You need to remember that we don't usually take just one sample, but often many repeated samples from the same population.

Suppose we take a sample of size $2$ from some large population. The first time I might get $3$ and $7$. The second time I might get $9$ and $4$. The third time I might get $6$ and $3$. Each time I take a fresh sample, the two values are potentially different to what they were before. It is natural to think of these as being random variables because I know the properties of random variables.

If I also calculate the mean, I will have a different value for the "sample statistic" each time: first $5$, then $6.5$ and then $4.5$

Again, because the sample mean is changing each time, it is natural to treat the sample statistic as a random variable.

• OK, let me give an example to see if I understand what you mean. If $\mathbb{X} = \{X_1,~\ldots,~X_n\}$ denotes any random sample of size $n$ from a particular distribution, then the sample mean $$\bar{\mathbb{X}} = \frac{X_1 + \ldots + X_n}{n}$$ is a random variable containing the means of all possible samples of size $n$ from the distribution in question -- or, to think of it in another way, the mean effectively works as a function $\bar{\mathbb{X}}(X_1, \ldots, X_n)$ which returns a numerical value (the mean) of any random sample $X_1, \ldots, X_n$. Is this an accurate interpretation? – VolcanoesAreWarm Jan 5 '17 at 0:01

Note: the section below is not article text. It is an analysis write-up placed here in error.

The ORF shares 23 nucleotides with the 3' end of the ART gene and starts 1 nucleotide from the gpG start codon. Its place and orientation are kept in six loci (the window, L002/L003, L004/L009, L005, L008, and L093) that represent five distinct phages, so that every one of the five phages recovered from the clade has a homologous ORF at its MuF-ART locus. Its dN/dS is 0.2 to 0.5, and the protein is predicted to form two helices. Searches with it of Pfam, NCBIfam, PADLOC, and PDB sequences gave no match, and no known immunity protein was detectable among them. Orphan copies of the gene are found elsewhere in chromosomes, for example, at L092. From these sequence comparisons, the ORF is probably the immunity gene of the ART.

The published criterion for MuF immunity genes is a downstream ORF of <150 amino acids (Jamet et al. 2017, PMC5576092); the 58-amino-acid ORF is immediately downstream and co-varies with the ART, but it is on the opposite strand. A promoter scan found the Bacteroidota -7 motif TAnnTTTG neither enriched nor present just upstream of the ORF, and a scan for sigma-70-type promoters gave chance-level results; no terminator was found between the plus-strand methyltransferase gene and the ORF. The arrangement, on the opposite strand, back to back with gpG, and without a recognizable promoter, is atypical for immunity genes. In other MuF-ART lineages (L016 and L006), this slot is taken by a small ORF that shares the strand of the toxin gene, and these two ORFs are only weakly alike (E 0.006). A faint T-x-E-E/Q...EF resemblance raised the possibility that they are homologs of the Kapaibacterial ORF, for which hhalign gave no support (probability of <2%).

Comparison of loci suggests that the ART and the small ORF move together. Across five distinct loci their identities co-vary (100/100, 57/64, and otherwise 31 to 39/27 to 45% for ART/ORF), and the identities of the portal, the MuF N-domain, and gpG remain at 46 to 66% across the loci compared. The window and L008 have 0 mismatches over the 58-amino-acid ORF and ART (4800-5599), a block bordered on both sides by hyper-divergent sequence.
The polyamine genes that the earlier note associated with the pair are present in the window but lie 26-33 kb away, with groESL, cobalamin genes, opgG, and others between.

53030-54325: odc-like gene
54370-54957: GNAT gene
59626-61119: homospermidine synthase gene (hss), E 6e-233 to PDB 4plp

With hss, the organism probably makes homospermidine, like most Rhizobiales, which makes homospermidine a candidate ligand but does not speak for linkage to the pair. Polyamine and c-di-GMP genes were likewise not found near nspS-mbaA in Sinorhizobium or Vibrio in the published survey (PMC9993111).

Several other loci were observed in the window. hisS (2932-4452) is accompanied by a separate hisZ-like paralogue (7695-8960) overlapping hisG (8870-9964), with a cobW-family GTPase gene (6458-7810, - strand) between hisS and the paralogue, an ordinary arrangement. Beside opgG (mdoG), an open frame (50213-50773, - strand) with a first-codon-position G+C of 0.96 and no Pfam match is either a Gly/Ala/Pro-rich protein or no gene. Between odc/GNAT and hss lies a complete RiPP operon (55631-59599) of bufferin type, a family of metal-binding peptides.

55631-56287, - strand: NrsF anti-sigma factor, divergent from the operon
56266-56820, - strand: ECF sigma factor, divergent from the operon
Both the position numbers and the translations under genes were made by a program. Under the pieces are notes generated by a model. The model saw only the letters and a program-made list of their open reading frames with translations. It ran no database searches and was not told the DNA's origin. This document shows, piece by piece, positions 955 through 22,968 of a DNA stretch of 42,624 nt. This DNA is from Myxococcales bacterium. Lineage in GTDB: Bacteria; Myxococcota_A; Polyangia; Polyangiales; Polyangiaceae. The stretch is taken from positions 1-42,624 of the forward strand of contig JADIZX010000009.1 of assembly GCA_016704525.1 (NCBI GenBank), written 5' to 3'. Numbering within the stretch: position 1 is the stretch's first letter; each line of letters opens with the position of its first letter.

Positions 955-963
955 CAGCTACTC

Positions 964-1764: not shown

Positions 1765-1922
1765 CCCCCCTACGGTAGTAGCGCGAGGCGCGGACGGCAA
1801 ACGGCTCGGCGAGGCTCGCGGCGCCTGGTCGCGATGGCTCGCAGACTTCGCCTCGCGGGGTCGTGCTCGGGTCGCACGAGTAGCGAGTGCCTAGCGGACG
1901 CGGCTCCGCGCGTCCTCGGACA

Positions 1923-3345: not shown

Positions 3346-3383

• Yes, the mean is a random variable which is itself a function of other random variables. – tomi Jan 5 '17 at 0:07
• One interesting result is that even if we don't know how the individual $X_i$ are distributed, we can know (by the Central Limit Theorem) how the sample mean will be distributed. This allows us to use the sample mean as an estimator of the population mean. Note that the population mean is a "population statistic" and does not change, but is a fixed constant value. – tomi Jan 5 '17 at 0:09
• Thank you very much for the clear explanation! Unfortunately, the book has a decent amount of unclear definitions, but I've been confused about this one in particular for quite a while now. – VolcanoesAreWarm Jan 5 '17 at 0:25

In a statistical model, you assume that the sample $x_1\ldots x_n$ is drawn from some distribution $f_{X_1\ldots X_n}(x_1,\ldots ,x_n)$ so the actual numerical values of the sample are a realization of the random variables $X_1\ldots X_n.$ This is a model. We are assuming that the sample is an outcome of a random process.